Motor and cognitive functions of the monkey premotor cortex during free social interactions

This project received funding from the European Research Council, ERC stg grant 678307, 1st October 2016 - 30th September 2021, 1.499.338 €

A number of studies demonstrated that the primates’ premotor cortex (PM) plays a crucial role not only in organizing movement, but also in perceptual and socio-cognitive functions. However, these studies have been carried out in laboratory settings, which deeply limit the possibility to understand the neural mechanisms underlying natural behaviours.

To solve this problem, I propose a new approach consisting in a two-steps chronic recording of monkey PM neurons: first, single neurons response properties will be characterized in a traditional, head-restrained laboratory setting; then, in the same session, the same neurons activity will be recorded wirelessly during free interactions of the monkey with its physical and social environment. The project will initially focus on neurons belonging to the forelimb representation of the ventral (i.e. areas F4 and F5) and dorsal (area F2vr) PM, putatively well known for their role in sensorimotor transformations, goal coding, representation of space, and recognition of other’s observed actions. The same paradigm will then be applied to the study of the mesial pre-supplementary area F6, a crucial bridge between prefrontal and PM regions whose role in socio-cognitive functions remains still virtually unknown. Finally, by simultaneous, chronic recording of neuronal activity from lateral and mesial PM, we will first assess the functional interactions between these areas in both laboratory and natural settings, and then we will probe causality in these interactions by chemically manipulating neuronal activity of one region (i.e. F6) while recording from the other one (i.e. F5).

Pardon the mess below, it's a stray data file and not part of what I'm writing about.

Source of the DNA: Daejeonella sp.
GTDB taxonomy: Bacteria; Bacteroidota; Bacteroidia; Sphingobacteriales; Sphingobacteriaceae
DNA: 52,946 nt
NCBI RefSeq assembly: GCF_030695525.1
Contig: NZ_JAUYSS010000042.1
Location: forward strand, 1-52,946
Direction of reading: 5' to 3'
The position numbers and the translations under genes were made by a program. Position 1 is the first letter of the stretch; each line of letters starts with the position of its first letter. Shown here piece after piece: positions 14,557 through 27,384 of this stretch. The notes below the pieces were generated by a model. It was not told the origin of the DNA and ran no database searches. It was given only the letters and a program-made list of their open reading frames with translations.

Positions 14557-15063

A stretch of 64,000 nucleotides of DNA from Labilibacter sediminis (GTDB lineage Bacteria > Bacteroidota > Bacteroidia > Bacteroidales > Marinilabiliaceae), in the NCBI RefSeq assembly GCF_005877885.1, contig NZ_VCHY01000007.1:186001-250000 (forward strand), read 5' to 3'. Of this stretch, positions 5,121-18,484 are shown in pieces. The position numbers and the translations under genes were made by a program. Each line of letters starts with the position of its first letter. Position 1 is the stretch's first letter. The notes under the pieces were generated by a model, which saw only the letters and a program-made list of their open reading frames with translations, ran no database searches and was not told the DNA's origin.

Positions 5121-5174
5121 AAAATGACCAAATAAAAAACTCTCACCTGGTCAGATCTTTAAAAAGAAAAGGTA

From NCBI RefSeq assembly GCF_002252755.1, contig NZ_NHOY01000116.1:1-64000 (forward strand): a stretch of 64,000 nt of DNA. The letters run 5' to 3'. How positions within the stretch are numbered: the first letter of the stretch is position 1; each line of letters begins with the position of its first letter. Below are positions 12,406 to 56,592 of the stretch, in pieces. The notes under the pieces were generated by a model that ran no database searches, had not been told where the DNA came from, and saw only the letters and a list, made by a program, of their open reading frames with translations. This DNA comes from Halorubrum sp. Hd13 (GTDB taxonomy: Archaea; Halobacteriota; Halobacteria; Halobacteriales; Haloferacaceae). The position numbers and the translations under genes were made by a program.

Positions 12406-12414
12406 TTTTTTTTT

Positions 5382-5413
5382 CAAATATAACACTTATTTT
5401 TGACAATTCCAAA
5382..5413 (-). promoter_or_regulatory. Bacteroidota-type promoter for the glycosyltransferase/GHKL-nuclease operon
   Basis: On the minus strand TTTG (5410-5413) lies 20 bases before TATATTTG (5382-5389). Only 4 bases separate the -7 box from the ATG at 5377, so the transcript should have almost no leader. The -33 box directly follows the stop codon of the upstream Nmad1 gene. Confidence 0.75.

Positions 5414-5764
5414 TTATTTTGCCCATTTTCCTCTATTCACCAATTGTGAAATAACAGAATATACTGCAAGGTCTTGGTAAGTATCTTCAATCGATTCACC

The project will reveal the role of premotor cortex in motor and social functions during natural behaviours. In addition, it might open up new possibilities for future studies of neural plasticity and reorganization of ethologically-relevant motor, cognitive and social functions following chemical manipulation of neural activity and virtual brain lesions.


A free-moving monkey in the cage, while being tracked by the camera system.   Software reconstruction of the monkey’s avatar.